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November 5, 1910


Author Affiliations

Surgeon to St. Mary's Hospital ROCHESTER, MINN.

JAMA. 1910;55(19):1605-1607. doi:10.1001/jama.1910.04330190001001

Among the great problems which confront the world to-day is that of cancer. The question of tuberculosis has been practically answered. The bacillus is known, as well as its modes of entrance to the body, its varying methods of attack and the causes of death from the disease. Up to a few years ago what the public learned of tuberculosis was through the advertising of interested dealers of patent medicines, promoters of health resorts and the exaggerated statements of irregular practitioners. To-day, with what may be called a world movement, tuberculosis is gradually being controlled and the percentage of deaths is yearly being lessened.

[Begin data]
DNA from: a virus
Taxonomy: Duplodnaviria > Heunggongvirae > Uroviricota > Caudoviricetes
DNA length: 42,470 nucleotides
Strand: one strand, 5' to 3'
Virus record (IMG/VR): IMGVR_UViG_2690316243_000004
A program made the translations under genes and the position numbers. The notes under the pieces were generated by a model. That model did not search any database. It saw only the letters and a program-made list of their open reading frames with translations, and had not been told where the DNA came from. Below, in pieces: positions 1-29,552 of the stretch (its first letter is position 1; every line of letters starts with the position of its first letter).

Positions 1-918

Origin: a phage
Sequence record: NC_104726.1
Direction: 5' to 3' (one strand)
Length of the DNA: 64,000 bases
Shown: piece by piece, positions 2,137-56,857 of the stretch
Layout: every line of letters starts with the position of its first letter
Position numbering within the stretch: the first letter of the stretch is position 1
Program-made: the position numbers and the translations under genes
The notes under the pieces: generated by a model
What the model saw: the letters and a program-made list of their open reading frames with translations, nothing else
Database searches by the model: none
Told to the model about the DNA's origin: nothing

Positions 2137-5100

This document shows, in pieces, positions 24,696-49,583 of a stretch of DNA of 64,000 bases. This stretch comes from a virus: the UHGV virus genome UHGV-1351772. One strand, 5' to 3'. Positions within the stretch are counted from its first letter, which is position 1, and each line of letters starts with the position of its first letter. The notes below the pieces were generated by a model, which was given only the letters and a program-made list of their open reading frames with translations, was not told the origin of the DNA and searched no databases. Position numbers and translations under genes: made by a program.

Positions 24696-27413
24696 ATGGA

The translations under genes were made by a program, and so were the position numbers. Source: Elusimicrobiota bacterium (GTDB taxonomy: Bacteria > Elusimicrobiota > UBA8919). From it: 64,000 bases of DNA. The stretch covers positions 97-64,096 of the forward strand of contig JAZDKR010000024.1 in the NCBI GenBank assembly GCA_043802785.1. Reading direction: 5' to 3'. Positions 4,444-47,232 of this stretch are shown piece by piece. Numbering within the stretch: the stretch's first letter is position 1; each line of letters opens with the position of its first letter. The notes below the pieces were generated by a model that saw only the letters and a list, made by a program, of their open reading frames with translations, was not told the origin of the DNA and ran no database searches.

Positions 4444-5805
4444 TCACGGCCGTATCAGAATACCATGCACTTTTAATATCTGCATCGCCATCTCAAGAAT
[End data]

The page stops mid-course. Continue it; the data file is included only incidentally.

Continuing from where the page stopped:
In view of the wonderful progress made in the prevention, care and curability of tuberculosis which has developed in the short time since the public was first taken into the work as assistants, is it not time that we should more generally diffuse what knowledge we

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